The airline has been staying in touch with its customers via Twitter and its own blog. And its CEO, David Barger, went on the Today Show Wednesday morning to defend his airline. Passengers on the plane received a refund for the one-way fare, a voucher for twice the value of their original ticket, and letters from the airline, says JetBlue spokesperson Allison Steinberg. Members of JetBlue’s customer care team as well as some of its local leadership team flew to Amarillo, Tex., where the plane was diverted, to meet with passengers on Tuesday.
The airline’s response has gotten mixed reviews from fans and customers alike, with some cheering the passengers’ and crew’s swift actions while others questioned how much the airline was telling them. To some, JetBlue’s initial statements about a “medical situation” didn’t seem to fit the stories trickling out about a pilot running up and down the aisles screaming that passengers should say their prayers.
“Best not to sanitize what sounds like a very serious situation,” one commenter wrote on JetBlue’s blog after the airline called the event a medical situation in a statement. “An on-duty pilot having a psychotic episode in-flight and having to be restrained by passengers per the request of the other pilot is a different category.”
Such a crisis is extremely difficult for any leader to manage in real-time, especially when the event involves what appears to be a mental condition that a company cannot, for obvious reasons, elaborate on publicly. JetBlue’s response was hardly pitch-perfect — the CEO, Barger, seemed to try too hard to redirect his interview with Matt Lauer to the heroism of the passengers and the crew, while the very first thing he said probably should have been his sympathies for the passengers who went through the wrenching experience. And their biggest test is yet to come, as investigations begin taking place and as JetBlue’s leadership takes part in what is sure to be both an internal and external debate over mental health testing for pilots. (Barger called the pilot “a consummate professional” and told Lauer he is not aware of any issues with his record.)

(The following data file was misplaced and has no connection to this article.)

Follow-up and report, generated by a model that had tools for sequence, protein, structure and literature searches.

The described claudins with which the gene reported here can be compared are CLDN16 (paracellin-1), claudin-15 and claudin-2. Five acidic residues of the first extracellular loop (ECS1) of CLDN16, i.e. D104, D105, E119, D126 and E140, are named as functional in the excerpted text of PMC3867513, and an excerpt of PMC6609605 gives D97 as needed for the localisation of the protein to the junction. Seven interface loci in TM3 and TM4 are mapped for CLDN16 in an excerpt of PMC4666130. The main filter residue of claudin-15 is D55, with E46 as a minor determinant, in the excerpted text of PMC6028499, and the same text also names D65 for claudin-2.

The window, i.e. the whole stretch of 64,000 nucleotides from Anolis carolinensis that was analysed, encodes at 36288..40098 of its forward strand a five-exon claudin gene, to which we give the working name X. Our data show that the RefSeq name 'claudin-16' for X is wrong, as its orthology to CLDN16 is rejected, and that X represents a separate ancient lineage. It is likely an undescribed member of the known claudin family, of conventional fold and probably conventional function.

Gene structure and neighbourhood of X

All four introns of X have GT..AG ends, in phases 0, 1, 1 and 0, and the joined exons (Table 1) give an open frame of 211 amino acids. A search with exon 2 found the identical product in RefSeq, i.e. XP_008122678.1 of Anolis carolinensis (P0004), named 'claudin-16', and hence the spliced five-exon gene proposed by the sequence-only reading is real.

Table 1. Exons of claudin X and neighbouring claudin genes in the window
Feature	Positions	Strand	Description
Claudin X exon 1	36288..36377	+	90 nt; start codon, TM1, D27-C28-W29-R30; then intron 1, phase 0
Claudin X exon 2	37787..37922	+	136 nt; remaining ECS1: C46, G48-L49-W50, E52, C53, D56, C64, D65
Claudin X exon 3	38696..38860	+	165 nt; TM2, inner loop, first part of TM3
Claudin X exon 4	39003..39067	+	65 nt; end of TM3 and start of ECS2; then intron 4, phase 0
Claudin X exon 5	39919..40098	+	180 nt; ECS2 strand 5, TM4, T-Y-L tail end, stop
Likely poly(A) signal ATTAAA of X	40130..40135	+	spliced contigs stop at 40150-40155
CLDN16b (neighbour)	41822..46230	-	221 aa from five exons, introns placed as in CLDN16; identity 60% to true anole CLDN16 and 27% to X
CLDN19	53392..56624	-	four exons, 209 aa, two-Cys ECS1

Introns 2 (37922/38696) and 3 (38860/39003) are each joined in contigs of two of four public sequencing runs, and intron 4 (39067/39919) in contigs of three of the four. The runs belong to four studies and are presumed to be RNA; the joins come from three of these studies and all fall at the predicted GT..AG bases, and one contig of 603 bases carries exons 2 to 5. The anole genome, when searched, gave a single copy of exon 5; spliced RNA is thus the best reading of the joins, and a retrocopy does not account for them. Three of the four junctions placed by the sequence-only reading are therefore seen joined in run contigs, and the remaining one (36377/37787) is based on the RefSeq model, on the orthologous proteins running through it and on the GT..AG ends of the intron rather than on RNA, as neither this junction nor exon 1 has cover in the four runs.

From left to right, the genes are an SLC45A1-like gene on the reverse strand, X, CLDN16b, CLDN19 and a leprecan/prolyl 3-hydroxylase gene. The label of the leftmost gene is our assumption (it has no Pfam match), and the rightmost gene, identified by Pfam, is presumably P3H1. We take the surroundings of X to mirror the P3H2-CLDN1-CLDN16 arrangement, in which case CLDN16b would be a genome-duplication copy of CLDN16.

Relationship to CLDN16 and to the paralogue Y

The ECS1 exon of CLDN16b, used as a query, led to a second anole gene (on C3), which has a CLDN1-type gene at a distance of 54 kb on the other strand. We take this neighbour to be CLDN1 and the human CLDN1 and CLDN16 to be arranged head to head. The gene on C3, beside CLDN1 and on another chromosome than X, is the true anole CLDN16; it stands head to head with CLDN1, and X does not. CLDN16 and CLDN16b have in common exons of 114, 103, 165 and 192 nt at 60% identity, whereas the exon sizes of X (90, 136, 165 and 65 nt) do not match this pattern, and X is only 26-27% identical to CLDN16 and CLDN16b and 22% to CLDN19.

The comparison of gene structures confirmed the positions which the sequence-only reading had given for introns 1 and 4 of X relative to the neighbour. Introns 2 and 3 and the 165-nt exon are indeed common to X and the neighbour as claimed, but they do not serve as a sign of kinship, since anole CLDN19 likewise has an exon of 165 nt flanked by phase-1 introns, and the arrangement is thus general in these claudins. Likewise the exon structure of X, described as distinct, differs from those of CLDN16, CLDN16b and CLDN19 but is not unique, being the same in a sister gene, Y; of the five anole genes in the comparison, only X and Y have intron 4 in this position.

Still, many companies — particularly airlines — would have hesitated to engage so quickly with what their customers were saying about them. That hasn’t stopped the critics, of course, who range from random fliers (“I wouldn’t call what happened today an ‘adventure,’” tweeted @andrewlparker. “I’m from Australia and flying with you in June. #veryconcerned”) to Piers Morgan, who tweeted Tuesday night: “Unbelievable. No #JetBlue executive has called the passenger heroes who saved their plane today to say thanks??? Get on the phone NOW.”
The airline said on Twitter it would “redouble efforts” and a spokesperson says the airline’s leadership team and customer care group has begun individually contacting each passenger.
This is what happens with companies like JetBlue, which tries to set itself apart with a reputation for superior customer service. Leaders who do so have more goodwill than the average corporate leader — comments on the company’s blog, Facebook page and Twitter are a testament to that — but it also means customers and the public expect the company to go above and beyond when a crisis happens.
This is why, of course, the media and the flying public erupted so dramatically when the airline had its ice-storm fiasco back in 2005, and why some are wondering now why JetBlue didn’t say more or call passengers more quickly after Tuesday’s near-miss. When there’s a halo attached to your brand, it’s that much more noticeable when something happens that could knock it askew.
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